April 12, 2009

Henry Holiday Stained Glass

Vic Rothman put together this montage of stained glass heads from The Church of the Holy Trinity in New York. All windows designed by Henry Holiday.

I've been to Holy Trinity and it's always a treat seeing a church that has a full program of panels by one artist, especially when it's of this caliber. I must admit that my favorite aspect of Holiday's work isn't usually the faces, but the patterning on the clothing. It's always amazingly precise and beautiful. You can see it here in this Populi Domini panel from St. Mary's, Buckland, Oxfordshire, England, via the always amazing Flickrite Lawrence OP.


If you really like Henry Holiday's stained glass, then definitely check out his book on stained glass - Stained Glass as an Art. It's an interesting read, though he does rail on a bit too much on what he doesn't like (Munich Glass, American Opalescent Glass, stained glass done to imitate Medieval Glass, and more). The most interesting part of the book comes in seeing his designs, especially the ones showing the preliminary "Naked" cartoon, then comparing it to the "Final" cartoon, then finally to the finished window. It really demonstrates how much of a classicist Holiday was.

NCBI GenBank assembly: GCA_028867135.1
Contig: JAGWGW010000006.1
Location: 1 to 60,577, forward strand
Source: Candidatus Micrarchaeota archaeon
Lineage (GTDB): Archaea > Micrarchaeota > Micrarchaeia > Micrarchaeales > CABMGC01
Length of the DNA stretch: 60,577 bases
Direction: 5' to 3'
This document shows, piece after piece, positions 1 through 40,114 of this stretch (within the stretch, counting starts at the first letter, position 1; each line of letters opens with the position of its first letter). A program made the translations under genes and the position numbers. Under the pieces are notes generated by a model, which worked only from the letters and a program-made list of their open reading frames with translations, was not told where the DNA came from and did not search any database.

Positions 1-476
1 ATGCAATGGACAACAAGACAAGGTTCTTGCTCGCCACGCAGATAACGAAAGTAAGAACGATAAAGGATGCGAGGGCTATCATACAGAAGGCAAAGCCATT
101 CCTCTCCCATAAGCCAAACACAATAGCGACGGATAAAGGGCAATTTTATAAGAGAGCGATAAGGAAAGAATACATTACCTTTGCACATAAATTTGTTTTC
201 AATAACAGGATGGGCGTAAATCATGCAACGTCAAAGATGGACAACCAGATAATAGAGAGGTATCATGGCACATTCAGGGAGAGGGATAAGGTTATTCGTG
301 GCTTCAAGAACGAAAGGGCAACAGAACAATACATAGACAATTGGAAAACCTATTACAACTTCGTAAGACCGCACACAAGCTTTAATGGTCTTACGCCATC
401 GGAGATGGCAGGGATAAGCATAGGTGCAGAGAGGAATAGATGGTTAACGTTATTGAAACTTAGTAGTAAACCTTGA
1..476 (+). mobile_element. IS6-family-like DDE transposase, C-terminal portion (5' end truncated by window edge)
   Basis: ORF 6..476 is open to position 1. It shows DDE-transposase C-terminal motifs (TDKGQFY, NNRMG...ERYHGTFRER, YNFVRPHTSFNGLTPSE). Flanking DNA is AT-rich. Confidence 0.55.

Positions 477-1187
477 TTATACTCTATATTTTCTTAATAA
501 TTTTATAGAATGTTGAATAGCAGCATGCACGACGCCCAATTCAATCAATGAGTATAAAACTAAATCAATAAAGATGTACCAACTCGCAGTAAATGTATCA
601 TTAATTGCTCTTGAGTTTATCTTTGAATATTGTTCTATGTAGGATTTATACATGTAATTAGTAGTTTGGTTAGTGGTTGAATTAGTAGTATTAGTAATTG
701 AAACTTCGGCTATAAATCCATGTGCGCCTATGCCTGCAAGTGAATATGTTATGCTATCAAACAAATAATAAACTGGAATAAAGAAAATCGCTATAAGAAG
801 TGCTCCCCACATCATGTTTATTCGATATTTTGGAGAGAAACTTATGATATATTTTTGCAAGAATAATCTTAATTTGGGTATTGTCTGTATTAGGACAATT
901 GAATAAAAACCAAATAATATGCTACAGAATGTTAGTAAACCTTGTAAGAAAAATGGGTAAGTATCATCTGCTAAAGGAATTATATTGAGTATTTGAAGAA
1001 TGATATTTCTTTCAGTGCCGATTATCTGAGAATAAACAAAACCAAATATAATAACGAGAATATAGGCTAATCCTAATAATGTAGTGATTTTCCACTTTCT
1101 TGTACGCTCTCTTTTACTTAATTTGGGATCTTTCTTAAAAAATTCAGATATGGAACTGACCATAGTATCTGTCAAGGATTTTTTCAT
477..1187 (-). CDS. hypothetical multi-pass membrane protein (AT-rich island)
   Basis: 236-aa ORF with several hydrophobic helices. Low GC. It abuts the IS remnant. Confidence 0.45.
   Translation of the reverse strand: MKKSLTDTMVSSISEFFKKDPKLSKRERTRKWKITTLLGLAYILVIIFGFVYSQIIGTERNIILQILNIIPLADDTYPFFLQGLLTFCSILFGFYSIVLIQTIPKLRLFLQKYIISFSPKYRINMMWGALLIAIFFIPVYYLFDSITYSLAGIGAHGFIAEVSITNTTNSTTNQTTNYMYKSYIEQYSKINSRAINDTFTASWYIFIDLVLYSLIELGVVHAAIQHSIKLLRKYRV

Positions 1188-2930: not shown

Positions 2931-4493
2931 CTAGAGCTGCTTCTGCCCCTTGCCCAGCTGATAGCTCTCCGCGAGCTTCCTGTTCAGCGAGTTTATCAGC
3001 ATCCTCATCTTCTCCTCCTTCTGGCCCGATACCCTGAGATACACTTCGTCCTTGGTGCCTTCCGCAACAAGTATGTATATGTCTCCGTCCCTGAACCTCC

[update May 14, 2009 - Just the other day I found a snapshot from when I saw the window in 1986 and though it's not a great quality photo, it is just good enough for a web-based side by side comparison.

click to pop-up a larger version.

Christ the Consoler and the Seven Acts of Mercy,
East Window in the Church of St. Luke’s Hospital, New York
left and center images from Henry Holiday's Stained Glass as an Art.
right image by Tom Krepcio, circa 1986.]

Of course, Henry Holiday is probably best known for another book, which Lewis Carroll wrote and Henry Holiday illustrated - The Hunting of the Snark. My favorite of the Snark illustrations is this one from my favorite chapter, or 'fit' - The Beaver's Lesson.


It should be noted that Holiday is generally considered the least successful of Carroll's illustrators. Holiday's classical training is seen as being a hindrance to him doing successful caricature. I like his illustrations, but I can see the point.

More info than you're likely to want to know about Hunting of the Snark on answers.com.

Posted by Tom at April 12, 2009 08:33 AM